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Financial Fitness – February 2019

Planning ahead for your retirement can be complicated, the benefits of making maximum contributions to your Registered Retirement Sings Plan (RRSP) are straight-forward.

First, enjoying the immediate benefit of a tax deduction, which often results in a nice tax refund, is a clear reason to contribute. The median Canadian making their maximum RRSP contribution will receive a deduction worth $3,570. Adding to this, the affect of the tax-free, compound growth on your investments makes a huge difference on long-term savings. What if you can’t come up with the money to contribute or you’re saving for something? Well in that case, there are a couple of strategies that can be used to get your savings started.

Borrowing to save – Have you considered taking a loan to boost your contribution? Not only can you get a jump start on saving, but you can use the potential refund to pay off some of the loan. This is a great strategy for those who are in a higher tax bracket, but cash is tight near the RRSP deadline.


Regularly scheduled contributions – Why wait until the deadline? Start a regular contribution so that you can spread out the pain of putting that money away for the future. All those smaller contributions can still add up to a nice refund at tax time.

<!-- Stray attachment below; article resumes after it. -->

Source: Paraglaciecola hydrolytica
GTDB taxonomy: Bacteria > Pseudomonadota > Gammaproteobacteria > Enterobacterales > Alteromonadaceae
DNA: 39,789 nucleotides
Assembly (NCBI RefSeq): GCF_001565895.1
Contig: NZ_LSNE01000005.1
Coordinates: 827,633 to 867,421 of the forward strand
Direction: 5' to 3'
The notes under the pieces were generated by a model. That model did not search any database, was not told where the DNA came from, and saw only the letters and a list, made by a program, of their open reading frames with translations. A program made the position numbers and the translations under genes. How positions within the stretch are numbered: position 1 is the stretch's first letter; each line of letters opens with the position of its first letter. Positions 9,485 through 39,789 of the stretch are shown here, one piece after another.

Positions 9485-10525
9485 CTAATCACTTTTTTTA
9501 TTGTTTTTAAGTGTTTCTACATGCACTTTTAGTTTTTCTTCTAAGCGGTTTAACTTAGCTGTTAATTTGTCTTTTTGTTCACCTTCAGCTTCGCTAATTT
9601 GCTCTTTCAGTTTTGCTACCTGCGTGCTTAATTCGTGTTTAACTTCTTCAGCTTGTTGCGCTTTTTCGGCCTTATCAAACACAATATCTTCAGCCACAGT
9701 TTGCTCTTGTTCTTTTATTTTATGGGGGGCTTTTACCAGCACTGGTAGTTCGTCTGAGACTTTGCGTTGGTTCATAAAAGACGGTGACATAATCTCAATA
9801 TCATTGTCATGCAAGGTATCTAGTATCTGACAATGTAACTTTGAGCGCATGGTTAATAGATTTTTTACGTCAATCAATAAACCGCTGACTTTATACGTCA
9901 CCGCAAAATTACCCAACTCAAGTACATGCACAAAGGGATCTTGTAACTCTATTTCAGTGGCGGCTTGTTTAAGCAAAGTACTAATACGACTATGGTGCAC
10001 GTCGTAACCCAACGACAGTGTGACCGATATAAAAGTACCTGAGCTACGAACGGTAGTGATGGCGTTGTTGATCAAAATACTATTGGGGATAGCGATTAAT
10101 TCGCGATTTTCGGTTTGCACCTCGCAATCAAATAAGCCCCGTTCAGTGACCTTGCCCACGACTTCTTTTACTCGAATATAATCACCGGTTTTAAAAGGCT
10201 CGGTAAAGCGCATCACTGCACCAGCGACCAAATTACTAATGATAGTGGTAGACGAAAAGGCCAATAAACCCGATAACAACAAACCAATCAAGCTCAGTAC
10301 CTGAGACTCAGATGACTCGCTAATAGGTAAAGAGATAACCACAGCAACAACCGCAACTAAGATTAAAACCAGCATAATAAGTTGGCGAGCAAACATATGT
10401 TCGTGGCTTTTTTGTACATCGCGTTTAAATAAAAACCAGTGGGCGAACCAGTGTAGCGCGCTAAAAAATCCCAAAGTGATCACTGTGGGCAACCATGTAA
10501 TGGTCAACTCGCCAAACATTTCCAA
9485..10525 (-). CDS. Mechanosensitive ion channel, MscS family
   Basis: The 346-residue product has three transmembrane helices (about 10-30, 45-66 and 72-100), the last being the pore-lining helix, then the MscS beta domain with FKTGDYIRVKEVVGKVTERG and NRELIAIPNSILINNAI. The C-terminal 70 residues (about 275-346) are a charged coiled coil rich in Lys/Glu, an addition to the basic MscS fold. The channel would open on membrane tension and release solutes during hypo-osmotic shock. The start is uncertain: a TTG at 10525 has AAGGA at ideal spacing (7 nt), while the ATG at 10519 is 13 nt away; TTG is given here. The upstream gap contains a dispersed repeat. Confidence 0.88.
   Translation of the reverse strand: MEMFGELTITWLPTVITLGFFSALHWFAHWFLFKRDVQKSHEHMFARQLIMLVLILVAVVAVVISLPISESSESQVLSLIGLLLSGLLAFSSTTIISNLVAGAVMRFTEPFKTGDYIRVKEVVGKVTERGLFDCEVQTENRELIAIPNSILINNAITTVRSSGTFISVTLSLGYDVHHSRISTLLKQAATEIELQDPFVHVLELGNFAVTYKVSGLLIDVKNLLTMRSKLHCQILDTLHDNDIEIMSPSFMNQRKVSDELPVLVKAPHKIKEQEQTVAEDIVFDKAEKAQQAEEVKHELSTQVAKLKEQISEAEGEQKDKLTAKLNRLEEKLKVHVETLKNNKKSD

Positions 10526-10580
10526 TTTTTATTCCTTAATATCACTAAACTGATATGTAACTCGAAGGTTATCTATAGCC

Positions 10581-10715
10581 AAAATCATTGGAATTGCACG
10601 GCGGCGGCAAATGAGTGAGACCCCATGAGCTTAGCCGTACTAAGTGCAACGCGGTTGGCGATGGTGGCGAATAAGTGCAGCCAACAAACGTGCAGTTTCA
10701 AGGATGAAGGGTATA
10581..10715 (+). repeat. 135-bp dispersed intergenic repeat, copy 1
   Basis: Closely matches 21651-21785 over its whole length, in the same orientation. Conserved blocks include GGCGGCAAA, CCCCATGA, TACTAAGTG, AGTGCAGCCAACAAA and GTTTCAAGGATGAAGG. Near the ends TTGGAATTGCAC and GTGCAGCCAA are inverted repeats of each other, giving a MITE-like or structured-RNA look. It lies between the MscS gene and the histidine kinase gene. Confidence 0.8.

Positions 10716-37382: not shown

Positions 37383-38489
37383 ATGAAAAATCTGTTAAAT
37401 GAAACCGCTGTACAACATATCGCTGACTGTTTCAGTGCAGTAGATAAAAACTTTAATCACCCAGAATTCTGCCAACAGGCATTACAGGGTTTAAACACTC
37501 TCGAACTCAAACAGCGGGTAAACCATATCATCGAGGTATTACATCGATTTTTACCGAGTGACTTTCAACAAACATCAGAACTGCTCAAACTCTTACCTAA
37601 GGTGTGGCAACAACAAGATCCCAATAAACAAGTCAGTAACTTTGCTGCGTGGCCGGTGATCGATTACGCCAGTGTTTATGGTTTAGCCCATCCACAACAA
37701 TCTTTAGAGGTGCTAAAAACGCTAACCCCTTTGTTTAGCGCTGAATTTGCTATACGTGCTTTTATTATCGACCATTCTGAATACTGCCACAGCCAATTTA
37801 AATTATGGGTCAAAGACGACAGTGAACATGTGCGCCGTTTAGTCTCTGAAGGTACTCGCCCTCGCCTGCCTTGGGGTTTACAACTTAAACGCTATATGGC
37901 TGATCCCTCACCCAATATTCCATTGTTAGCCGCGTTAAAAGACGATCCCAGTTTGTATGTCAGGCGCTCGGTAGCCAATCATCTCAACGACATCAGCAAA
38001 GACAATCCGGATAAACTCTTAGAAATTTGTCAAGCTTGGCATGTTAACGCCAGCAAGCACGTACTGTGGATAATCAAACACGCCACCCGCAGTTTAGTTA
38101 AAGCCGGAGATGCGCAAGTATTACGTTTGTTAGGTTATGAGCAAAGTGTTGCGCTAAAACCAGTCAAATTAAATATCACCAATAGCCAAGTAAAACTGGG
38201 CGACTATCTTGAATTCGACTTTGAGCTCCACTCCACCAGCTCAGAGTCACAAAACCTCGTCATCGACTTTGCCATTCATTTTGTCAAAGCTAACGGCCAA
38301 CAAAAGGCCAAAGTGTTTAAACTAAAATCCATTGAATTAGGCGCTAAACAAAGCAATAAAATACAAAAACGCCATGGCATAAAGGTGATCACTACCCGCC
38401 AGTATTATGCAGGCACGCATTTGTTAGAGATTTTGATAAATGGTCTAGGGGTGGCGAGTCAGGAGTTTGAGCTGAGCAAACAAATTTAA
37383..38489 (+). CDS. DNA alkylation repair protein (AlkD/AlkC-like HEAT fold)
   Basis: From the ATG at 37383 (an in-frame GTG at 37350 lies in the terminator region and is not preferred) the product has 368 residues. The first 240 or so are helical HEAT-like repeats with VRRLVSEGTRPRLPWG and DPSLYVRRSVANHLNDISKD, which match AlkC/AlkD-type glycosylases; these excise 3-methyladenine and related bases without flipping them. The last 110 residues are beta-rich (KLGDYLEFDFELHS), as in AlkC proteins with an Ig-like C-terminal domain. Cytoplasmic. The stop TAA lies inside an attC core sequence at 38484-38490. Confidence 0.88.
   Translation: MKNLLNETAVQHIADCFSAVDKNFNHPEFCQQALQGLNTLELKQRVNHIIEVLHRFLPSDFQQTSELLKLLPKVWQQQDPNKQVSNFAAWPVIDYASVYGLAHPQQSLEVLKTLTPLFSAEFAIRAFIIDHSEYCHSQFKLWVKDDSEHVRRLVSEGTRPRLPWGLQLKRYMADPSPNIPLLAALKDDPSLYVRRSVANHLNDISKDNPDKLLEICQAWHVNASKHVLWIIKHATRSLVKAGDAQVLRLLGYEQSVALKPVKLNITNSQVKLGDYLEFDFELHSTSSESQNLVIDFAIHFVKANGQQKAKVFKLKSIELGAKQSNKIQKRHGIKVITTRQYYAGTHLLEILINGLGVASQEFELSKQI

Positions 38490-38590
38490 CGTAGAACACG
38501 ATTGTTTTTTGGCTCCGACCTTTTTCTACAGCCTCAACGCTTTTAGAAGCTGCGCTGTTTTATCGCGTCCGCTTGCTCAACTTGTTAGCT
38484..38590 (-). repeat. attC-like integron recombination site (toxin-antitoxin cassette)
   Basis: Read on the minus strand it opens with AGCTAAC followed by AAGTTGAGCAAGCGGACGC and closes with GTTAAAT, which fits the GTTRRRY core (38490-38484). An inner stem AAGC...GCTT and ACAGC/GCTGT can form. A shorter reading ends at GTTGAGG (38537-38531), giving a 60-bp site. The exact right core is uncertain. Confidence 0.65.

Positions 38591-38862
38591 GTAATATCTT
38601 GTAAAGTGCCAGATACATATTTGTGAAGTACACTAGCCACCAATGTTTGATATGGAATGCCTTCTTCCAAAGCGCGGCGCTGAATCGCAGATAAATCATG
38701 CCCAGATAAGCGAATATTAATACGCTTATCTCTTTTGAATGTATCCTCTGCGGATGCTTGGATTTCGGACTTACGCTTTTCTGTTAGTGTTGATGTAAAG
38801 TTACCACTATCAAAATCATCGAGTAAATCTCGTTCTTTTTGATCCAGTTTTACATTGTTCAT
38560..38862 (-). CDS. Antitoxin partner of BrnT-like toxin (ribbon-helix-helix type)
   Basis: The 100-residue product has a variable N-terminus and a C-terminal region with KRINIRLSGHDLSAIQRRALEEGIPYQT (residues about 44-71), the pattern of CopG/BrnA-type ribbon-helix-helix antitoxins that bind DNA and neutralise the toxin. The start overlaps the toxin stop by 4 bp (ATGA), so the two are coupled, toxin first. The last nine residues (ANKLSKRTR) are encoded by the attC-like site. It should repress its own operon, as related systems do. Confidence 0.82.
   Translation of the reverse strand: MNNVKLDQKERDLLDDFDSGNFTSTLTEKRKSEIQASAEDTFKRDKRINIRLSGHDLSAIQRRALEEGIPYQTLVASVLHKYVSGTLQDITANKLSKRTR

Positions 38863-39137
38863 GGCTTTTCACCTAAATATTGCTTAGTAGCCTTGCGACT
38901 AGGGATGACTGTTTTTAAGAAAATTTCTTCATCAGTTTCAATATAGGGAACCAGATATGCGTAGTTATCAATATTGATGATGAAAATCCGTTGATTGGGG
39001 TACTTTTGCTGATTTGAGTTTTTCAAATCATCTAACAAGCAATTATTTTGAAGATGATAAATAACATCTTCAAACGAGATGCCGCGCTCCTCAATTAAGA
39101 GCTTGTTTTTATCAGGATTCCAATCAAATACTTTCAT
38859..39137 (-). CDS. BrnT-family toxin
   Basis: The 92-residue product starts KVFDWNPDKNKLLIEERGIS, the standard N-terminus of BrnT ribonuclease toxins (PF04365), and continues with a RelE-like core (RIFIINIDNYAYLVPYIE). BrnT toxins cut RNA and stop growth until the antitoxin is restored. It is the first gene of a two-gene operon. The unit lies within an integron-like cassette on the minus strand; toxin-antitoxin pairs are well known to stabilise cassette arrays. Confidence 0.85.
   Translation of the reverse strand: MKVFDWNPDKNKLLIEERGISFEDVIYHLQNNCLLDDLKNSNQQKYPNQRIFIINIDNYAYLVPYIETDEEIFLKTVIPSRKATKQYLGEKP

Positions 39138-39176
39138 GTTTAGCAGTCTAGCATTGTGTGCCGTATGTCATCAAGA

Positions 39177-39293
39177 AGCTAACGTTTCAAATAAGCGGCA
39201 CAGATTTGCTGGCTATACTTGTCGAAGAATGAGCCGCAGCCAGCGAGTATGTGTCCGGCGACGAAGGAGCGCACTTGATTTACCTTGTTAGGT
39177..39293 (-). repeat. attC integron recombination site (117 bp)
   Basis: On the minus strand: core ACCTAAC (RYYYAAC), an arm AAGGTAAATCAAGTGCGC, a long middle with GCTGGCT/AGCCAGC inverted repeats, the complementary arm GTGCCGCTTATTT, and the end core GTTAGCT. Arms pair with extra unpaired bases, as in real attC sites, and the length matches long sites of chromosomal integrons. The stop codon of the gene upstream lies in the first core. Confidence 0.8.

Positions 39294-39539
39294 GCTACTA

Spousal contributions – If you are expecting to earn more in retirement than your spouse, you should consider making spousal RRSP contributions. These contributions use your deduction room but when they are accessed at a later date, they are attributed to your spouse as income. This can be a smart strategy to lower your overall tax bill.


Multiply your savings – If you are a first-time homebuyer or are looking to go back to school, you should look at utilizing the power of your RRSP. A first-time homebuyer, for example, can withdraw $25,000 from their RRSP to buy a qualifying home. This means that by contributing $25,000 to your RRSP, you would not only have this ready for your down payment, but you would likely have also received total refunds of $7,050. Wouldn’t that be nice for closing costs and moving expenses!

Talk to your advisor, the deadline is March 1st!


*The 2015 median Canadian income was used in calculating the figures contained in this article. All statistics were provided by StatsCanada.

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This information has been prepared by Carol Plaisier Investment Advisor for HollisWealth®, a division of Industrial Alliance Securities Inc. and does not necessarily reflect the opinion of HollisWealth®. The information contained in this website comes from sources we believe to be reliable, but we cannot guarantee its accuracy or reliability. The opinions expressed are based on an analysis and interpretation dating from the date of publication and are subject to change without notice. Furthermore, they do not constitute an offer or solicitation to buy or sell any the securities mentioned. The information contained herein may not apply to all types of investors. The Investment Advisor can open accounts only in the provinces where she is registered. For more information about HollisWealth®, please consult the official website at ww.holliswealth.com.

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